Recent homelessness figures have shown that the number of households accepted as homeless between October and December last year has risen by 6% in England to 14,470. However, in Wales the number of households accepted as homeless in the same period was 405, 67% less than the previous year.
Local authorities in England, Wales and Northern Ireland are required by law to offer housing only to homeless people who meet the following criteria:
- Whether you are homeless or threatened with homelessness
- Whether you are eligible
- Whether you are in priority need
- Whether you are intentionally homeless
However, it is thought that such legislation fails a large number of homeless people who are not deemed to be in priority need.
In 2014, new legislation was introduced in Wales in an attempt to address this issue. Under the Housing (Wales) Act, all Welsh local authorities are now required to work with anyone facing homelessness, regardless of the circumstances, and to help all those who actually become homeless, rather than only those who fall within the above thresholds.
Although some local authorities in England do afford assistance to all of those requiring help, they are not required by law to do so. It is therefore down to the luck of where you live as to the level of assistance you will receive from your local authority.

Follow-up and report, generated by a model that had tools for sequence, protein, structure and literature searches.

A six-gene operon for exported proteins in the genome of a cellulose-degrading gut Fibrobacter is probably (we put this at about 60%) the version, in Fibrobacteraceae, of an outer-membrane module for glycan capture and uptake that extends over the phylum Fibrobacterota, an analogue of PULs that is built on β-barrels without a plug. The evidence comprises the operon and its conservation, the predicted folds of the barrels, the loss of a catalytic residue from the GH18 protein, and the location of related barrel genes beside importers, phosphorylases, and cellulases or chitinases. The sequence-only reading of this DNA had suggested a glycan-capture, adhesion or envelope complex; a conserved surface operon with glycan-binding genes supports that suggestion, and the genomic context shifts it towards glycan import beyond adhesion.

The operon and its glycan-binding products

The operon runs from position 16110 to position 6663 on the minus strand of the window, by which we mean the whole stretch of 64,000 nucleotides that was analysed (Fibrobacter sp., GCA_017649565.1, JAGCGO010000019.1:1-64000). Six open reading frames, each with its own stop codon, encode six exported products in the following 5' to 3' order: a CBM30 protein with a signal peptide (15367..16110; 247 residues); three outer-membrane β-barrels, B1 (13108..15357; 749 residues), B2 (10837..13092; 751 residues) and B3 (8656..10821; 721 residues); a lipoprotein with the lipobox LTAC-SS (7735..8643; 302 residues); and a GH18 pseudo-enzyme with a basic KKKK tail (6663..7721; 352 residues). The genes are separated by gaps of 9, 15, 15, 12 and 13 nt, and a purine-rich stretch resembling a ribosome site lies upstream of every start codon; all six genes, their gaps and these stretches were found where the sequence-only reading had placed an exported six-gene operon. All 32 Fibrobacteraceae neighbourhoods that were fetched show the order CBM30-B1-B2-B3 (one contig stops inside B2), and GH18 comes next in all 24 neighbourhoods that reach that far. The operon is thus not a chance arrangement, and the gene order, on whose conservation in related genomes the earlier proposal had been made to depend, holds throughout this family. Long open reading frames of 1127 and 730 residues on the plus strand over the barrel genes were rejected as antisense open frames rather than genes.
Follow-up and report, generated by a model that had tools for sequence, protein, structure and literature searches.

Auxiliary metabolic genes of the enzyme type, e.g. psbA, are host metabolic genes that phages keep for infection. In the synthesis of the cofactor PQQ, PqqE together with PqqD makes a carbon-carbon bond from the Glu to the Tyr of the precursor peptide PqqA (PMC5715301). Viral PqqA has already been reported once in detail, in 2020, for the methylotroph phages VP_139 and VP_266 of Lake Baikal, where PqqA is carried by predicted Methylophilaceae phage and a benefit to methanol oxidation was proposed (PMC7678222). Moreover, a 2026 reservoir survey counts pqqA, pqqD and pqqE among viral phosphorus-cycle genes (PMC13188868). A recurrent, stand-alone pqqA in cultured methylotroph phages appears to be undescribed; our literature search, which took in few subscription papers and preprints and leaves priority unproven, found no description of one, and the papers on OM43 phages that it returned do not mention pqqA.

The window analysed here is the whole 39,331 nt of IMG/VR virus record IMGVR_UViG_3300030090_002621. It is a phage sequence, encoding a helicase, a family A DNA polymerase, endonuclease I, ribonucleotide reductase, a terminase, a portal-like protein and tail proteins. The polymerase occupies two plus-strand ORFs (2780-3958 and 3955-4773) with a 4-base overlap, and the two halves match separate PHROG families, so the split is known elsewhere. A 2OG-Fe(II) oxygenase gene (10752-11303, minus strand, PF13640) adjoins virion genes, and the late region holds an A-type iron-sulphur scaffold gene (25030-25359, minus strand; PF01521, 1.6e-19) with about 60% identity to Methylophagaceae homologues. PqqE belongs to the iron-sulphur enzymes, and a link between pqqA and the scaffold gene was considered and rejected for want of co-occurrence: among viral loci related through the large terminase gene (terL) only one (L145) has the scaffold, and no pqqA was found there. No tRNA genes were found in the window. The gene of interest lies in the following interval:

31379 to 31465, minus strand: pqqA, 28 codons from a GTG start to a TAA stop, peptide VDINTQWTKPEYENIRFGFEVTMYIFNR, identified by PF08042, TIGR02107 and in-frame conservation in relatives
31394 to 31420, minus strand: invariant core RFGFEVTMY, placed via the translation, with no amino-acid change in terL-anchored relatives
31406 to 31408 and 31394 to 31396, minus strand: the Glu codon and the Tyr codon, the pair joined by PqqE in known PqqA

Since the Act came into force in Wales, local authorities report having assisted more people, focusing on their needs, rather than just vulnerabilities. Recent figures show how the legislation has had a significant impact on the number of people who remain homeless after seeking help. Between July and September 2013, 900 households were found not to be in priority need and so were likely to remain homeless. Since the new legislation came in, during the same three months in 2015, only 210 households were found not to be in priority need.
Many of the underlying causes of homelessness remain: people are struggling to pay their rent in an increasingly uncertain market and cuts to housing benefit and local council funding have only made the problem worse. While the new framework in Wales doesn’t resolve those problems, it does give the council more flexibility to find new ways of helping people with their housing difficulties. For example, increased Government funds in Wales have allowed local councils to offer rent deposits, help clear arrears and even help pay household bills.
The priority need test does still remain in place under Welsh legislation, however, this more encompassing approach is helping more people, and fewer people remain homeless. This system could easily be replicated and could prove to be the way forward for tackling homelessness in England.
If you or anyone you know is facing homelessness and in need of assistance, contact our housing law solicitors on 0175 321 6399.
Brea Carney-Jones, housing law team